go to: Early Nineteenth-Century Poetry, 1800-1835: William Maginn: Maginn: Miscellaneous writings (1855-57): The Odoherty Papers Vol. II One of the poems is "Farewell Beggarly
Scotland" so maybe Maginn wrote it under his pen-name on the occasion of his move to London and Hogg replied in kind.
                                                                                                 Don

William Maginn, born in Dean Street, Cork City, in 1793, was so learned a youth that he entered Trinity College, Dublin at the age of ten and by the age of fourteen had become the second youngest graduate ever in Great Britain and Ireland. By the time he had received his doctorate he had distinguished himself in Greek and Latin, Hebrew, Sanskrit and Syriac, as well as in a number of modern languages and Irish. He began contributing to Blackwood's magazine in Edinburgh and in 1824 moved to London.
     A writer of caustic, humorous satires his glory years came in the 1830s after his launching, with notorious bohemian Hugh Fraser, of Fraser's Magazine. Apart from his literary sketches for that magazine, he produced a ballad translation of Homer, translations of Roman comedy and what may be regarded as the first Irish short stories.
     A well-liked, highly intelligent, but somewhat harum scarum character, he found himself eventually in debtors' prison. A year's sojourn there ruined his health and he died of tuberculosis in 1842.


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Subject: RE: O'Doherty's Farewell to Scotland
From: belfast
Date: 03 May 03 - 09:15 AM

And how's this for trivia? He was the model for Captain Shandon in Thackeray's "Pendennis".


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Subject: RE: Lyr Add: O'Doherty's Farewell to Scotland (J Hogg)
From: Susanne (skw)
Date: 04 May 03 - 06:41 PM

The tune for this can be found on the McCalmans' recording of works by James Hogg, 'The Ettrick Shepherd' (1980 - not sure it's been made available on CD since). According to the notes, about half the tunes, including this one, were written by Ian McCalman.


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Subject: Tune Add: MORGAN O'DOHERTY'S FAREWELL TO SCOTLAND
From: OldPossum
Date: 26 Jan 04 - 07:18 PM

Susanne, I have the LP 'The Ettrick Shepherd' by the McCalmans, and I can't find any credits for Ian McCalman as the composer. The label just says (J. Hogg arr. McCalmans) on all the tracks, even those that are known to be traditional tunes. Do you have a CD version? Perhaps the notes are different for the CD. Not that I doubt your word of course! And I seem to remember from comments at their concerts that you are right - but it is nice to get the details right.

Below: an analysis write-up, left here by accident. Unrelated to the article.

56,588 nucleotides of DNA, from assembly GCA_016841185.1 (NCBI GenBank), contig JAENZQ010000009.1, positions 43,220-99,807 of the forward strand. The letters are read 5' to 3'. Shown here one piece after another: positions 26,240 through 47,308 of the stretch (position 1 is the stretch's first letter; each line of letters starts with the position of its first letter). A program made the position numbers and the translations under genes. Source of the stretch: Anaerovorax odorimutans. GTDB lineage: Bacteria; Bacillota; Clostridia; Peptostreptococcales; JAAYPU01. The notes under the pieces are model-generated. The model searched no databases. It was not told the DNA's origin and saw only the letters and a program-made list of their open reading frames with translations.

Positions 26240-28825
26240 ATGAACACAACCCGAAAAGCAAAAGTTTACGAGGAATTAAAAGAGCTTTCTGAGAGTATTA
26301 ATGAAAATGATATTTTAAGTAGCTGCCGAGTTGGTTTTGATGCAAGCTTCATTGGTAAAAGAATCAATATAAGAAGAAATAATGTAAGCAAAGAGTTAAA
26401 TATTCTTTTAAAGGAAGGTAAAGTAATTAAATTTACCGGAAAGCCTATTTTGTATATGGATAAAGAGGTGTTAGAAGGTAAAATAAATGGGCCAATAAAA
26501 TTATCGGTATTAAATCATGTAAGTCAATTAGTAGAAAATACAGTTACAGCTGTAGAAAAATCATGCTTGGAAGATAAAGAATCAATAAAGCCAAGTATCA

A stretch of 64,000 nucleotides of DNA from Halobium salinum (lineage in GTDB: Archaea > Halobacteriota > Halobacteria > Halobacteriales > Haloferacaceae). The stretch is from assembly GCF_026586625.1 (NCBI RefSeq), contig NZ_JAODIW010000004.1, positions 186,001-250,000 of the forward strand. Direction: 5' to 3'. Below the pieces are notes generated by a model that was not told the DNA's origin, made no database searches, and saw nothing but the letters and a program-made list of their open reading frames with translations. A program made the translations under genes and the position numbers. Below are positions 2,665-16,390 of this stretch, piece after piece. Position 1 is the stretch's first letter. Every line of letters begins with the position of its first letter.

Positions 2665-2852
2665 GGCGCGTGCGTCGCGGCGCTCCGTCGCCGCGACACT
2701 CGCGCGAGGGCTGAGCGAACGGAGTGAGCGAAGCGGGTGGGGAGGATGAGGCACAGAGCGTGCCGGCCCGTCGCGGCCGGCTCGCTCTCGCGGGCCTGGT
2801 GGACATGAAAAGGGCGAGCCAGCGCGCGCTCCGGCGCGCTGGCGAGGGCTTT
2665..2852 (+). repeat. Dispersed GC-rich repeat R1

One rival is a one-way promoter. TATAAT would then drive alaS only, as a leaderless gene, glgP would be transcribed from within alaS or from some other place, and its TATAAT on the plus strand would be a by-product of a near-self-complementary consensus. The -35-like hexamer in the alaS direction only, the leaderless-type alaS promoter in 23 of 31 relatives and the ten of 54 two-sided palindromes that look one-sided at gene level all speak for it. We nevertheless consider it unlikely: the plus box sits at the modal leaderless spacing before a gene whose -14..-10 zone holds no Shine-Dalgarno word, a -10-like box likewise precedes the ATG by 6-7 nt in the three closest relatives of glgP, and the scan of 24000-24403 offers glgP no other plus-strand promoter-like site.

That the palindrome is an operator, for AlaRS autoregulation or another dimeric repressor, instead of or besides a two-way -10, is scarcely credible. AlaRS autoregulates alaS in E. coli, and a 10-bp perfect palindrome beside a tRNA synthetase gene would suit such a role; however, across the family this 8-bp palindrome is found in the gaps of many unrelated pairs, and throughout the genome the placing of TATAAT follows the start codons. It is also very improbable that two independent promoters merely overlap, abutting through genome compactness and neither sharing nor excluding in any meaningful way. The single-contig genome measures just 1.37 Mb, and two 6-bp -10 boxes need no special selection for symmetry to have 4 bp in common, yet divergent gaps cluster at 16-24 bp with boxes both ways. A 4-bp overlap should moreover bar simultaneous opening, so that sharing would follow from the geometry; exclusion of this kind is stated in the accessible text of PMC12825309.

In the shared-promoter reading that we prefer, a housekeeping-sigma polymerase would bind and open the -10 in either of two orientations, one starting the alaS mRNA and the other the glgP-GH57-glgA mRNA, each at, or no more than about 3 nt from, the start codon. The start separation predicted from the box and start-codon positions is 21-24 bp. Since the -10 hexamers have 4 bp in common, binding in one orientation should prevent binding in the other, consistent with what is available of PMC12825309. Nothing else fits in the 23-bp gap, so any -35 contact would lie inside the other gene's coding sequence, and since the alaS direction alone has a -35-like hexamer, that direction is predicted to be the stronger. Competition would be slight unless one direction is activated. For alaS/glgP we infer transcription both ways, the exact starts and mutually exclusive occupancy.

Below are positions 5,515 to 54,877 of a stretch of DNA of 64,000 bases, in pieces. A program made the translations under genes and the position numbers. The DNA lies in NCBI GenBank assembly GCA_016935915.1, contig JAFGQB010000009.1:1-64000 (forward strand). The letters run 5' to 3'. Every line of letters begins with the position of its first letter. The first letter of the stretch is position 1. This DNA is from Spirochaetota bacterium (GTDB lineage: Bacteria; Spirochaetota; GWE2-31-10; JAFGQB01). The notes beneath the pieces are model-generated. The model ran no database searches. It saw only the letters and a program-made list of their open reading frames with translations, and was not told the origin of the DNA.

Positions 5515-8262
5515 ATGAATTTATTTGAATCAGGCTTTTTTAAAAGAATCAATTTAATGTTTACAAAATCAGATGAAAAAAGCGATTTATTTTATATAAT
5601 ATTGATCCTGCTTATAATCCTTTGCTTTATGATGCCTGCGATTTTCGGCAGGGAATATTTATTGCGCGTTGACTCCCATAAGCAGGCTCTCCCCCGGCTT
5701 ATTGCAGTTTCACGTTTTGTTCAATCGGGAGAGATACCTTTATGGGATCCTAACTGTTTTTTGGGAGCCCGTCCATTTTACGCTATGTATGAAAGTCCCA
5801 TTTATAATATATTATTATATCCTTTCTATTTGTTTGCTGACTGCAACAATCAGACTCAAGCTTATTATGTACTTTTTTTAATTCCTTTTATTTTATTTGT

Anyway here is the tune. The McCalmans sing this as a duet, with the first verse of the 'Farewell' followed by the first verse of the 'reply' etc.

X:10
T:Sir Morgan O'Doherty's Farewell to Scotland and The reply to Sir Morgan O'Doherty's Farewell to Scotland
C: Ian McCalman(?)
S: The LP The Ettrick Shepherd by the McCalmans, Greenwich Village GVR 209
M:6/8
L:1/8
Q:1/4=180
K:F
E | G2 E G3 | FFF E2 C |
w: Fare-well, fare-well, beg-gar-ly Scot-land,
G2 G GFE | (FE)F D2 D | FFF A2 A |
w: Cold and beg-gar-ly poor_ coun-trie! If e-ver I cross thy
GGG c2 c | Ac G3 E | F2 D C3-|
w: bor-der a-gain The muck-le deil must car-ry me.
M:9/8
C3 z3 z2 C |
w: _There's
M:6/8
D2 D F2 F | E2 E G2 G | B2 B A2 A |
w: but one tree in a' the land And that's the bon-nie
(GF)E D2 D | E2 E F2 F | G2 G c2 c |
w: gal_-lows tree The ve-ry nowte look to the south, And
A2 c (GF)E | F2 D C2 || G | G2 E G2 G |
w: wish that they_ had wings to flee. Go, get thee gone thou
FFF E2 C | G2 G G2 E | F2 E D2 D |
w: das-tard-ly loon, Go, get thee to thine own coun-trie; If
EEE F2 F | GGG c2 c | Ac G3 E | FFD C3-|
w: e-ver you cross the Bor-der a-gain, The muck-le deil ac-com-pa-ny thee!
M:9/8
C3 z3 z2 C |
w: _There's
M:6/8
DDD F2 F | E2 E G2 G | B2 B A2 A |
w: mo-ny a tree in fair Scot-land, And there is ane, the
(GF)E D2 D | E2 E F2 F | G2 G c2 c |
w: gal_-lows tree, On which we hang the I-rish rogues; A
Ac G3 E | F2 D C3-|C2 |]
w: fit-ting place it is for thee._



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Subject: RE: Lyr Add: O'Doherty's Farewell to Scotland (J Hogg)
From: Susanne (skw)
Date: 27 Jan 04 - 07:54 PM

Possum, I used to have a commercial tape of the album with a fairly extensive inlay. Unfortunately I can't find it any more, and the McCalmans website doesn't feature the song yet. I'll ask them the next time they come my way!


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Subject: RE: Lyr Add: O'Doherty's Farewell to Scotland (J Hogg)
From: GUEST,Dennistoun Denizen
Date: 13 Dec 11 - 06:47 PM

William Maginn, aka Sir Morgan O'Doherty, was a colleague of James Hogg when they worked together on Fraser's magazine. So they probably collaborated to produce this brilliant wee piece of flyting.